Bias in inherent in all of us humans. We perceive an attractive product as more intuitive or usable. But as captured in the adage ‘do not judge a book by its cover’, do not assume that a digital product’s usability, especially for those with accessibility issues, is automatically good just because it is pleasing to look at. Another indisputable fact is that there is always a tradeoff when trying to meet twin objectives of aesthetics and accessibility. The challenge is to find a balance to meet the needs of both without sacrificing one for the other. Here are some tips and examples:

Navigation bar on your website: A simple and straight-forward navigation bar can provide a means to travel around your site while also providing a summary of what a visitorcan expect to find. The latest Apple devices all come installed with Voiceover, an assistive screen reader that allows impaired or disabled users to easily navigate their devices.

Usability and readability of links: Most browsers render links in blue text with an underline by default. The contrast between link text and regular text is the key consideration. Finding links in a body of text shouldn’t be difficult where the reader has to hover over every word to find them. Most people with color blindness cannot distinguish between colors but can see the underlined text. While the links with icons are easier to see. For those without, it would be a good idea to add an underline, which is exactly what the UK-based Government Digital Service does within the body of its articles on its website.

Check that your color contrast and fonts meet Web Content Accessibility Guidelines (WCAG) standards. This dashboard shows the status of invoices, indicating which ones have been successfully issued as well as displaying any cancellations or errors. The dashboard features readable typography thanks to large font sizes and high contrast colors. The icons help to distinguish content for users with cognitive issues.

Ensure that all images are marked with alternative text: If the image is purely for decoration and does not communicate information, tag it with alt=””.

ALT text displayed in the code editor
Source

Carousels and animation elements: When using carousels and animation across your web platform, you must let users take control over the next slide advances.

See Also
A Short Guide to Dashboard UI Design

Choice of colors in the design: Colors play an important role in impacting the design accessibility of a design. Take for example the popular game Among Us, which relies on color encoding as a primary identifier for players. The game revolves around identifying an ‘imposter’ in the group. Colors remain the primary identifier for players for this purpose, as users commonly use names such as ‘I’, ‘No one’, ‘Someone’ or simply color names themselves, like a player with a green avatar sets their name as ‘Red’. However, the process as shown in this video becomes extremely chaotic when players just use their pronouns as their avatar names.

Possible solutions to make the game color-blind friendly
Possible solutions to make the game color-blind friendly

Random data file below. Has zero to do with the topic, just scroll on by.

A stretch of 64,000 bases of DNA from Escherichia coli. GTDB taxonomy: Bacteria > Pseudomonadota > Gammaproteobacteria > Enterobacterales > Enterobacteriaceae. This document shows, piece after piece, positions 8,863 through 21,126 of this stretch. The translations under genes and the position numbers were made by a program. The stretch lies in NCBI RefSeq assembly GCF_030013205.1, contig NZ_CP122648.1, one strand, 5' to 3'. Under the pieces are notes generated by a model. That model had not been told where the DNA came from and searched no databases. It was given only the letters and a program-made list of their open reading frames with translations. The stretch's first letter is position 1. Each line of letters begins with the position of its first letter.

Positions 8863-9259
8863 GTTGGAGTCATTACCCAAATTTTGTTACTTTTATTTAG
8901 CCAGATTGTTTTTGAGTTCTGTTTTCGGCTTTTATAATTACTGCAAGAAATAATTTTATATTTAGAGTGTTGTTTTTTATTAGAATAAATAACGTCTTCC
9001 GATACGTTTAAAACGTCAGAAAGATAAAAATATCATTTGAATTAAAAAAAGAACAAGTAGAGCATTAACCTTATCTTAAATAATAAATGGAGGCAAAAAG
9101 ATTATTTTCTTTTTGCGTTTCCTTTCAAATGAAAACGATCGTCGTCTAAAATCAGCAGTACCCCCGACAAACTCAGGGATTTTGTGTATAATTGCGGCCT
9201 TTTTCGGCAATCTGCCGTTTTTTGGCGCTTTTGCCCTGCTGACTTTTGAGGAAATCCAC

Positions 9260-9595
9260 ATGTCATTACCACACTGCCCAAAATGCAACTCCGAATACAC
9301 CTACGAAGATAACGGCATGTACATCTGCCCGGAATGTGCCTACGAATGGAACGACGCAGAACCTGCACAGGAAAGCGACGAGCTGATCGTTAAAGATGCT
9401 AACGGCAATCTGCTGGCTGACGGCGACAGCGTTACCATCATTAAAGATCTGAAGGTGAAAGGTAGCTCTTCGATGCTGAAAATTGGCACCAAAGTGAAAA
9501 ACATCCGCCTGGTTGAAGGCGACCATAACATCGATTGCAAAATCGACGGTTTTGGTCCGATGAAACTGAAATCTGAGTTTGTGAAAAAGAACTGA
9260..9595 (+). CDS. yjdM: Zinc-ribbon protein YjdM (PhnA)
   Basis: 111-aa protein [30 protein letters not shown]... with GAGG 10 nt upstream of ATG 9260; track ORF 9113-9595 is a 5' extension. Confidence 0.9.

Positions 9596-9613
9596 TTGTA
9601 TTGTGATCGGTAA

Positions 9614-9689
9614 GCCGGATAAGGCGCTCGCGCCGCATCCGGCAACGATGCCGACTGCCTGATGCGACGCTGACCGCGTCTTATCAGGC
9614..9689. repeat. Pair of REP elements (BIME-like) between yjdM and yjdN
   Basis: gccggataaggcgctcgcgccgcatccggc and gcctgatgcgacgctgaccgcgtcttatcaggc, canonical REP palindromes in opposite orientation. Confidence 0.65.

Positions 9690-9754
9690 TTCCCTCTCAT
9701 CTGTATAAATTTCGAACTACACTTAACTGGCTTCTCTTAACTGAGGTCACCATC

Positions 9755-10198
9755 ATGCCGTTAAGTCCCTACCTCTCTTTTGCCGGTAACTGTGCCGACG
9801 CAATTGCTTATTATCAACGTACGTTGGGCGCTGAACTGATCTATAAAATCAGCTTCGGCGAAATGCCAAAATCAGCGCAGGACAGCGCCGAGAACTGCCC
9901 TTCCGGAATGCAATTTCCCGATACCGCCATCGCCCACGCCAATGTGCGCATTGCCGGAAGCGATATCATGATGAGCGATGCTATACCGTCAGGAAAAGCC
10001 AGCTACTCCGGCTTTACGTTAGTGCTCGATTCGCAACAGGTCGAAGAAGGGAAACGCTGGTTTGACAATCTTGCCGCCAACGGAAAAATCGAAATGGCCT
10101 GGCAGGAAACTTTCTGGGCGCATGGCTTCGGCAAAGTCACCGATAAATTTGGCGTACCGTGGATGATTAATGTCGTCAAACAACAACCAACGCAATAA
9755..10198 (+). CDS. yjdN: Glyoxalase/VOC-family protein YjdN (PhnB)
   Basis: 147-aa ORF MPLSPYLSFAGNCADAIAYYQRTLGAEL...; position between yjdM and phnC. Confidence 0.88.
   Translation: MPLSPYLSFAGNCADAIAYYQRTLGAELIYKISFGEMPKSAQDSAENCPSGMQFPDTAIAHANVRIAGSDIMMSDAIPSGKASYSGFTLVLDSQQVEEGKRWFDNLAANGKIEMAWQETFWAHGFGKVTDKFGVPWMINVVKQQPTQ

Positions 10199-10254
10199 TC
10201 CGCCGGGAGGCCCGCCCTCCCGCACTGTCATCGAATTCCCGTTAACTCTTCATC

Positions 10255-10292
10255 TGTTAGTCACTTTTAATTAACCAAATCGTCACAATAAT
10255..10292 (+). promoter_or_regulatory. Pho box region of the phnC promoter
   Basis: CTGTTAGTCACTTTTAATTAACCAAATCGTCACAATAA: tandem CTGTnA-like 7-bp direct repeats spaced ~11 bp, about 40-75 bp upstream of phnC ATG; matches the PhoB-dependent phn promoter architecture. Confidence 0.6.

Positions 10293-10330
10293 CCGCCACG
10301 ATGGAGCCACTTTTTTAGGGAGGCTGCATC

In such a scenario, any form of color blindness can impact players’ performance during the game. This case study showcases how the game could be recreated using various colour schemes to include people with colour blindness. The solution could be as simple as using additional identifiers for players, like ColorADD colour identification system which uses symbols to represent different colors or displaying the name of the color right next to the avatar name.

For designers, there are multiple resources that one can make use of for creating a color scheme which is more accessible. These include Adobe Illustrator’s Color-Blind Proof Setup, and sites like ColorBrewer that can help them select a colorblind-friendly color scheme.

Font size: With mobile devices, readers often use the pinch gesture to zoom into text, making it bigger and easier to read on smaller screens. However, developers often disable zoom to gain greater control over the page layout resulting in an irritatingly common accessibility problem. As a best practice, the recommended font size should be equivalent to 16 pixels or larger, depending on the font type. Certain apps also allow users to change the font size basis their preference. One such example is the Kindle app across devices allows to customize font size basis reader preference.

Using forms and other data capturing methods: Forms are enabled on a website for a user to communicate with a site. But even filling out the shortest form can be taxing for people at times. We’ve all been there: when a form returns an error as we might have entered any incorrect detail or the form field requires a specific format, a common example of date formats. But this cannot be a user error and it can be an issue addressed by developers. Formatting the content of an input field should not be a burden for the user,but it should be on the developers to convert user input into the necessary format.

Accessibility is a critical factor for creating human-centered design for a wide range of users. It makes technology usable to all people regardless of their abilities. With the growing reliance on digital mediums, designing for a diverse group of users has become imperative for enterprises. It will all start, by incorporating the factors for accessibility right in the initial design stage and then testing it for usability to further fortify the digital products and ensuring seamless experiences for most users.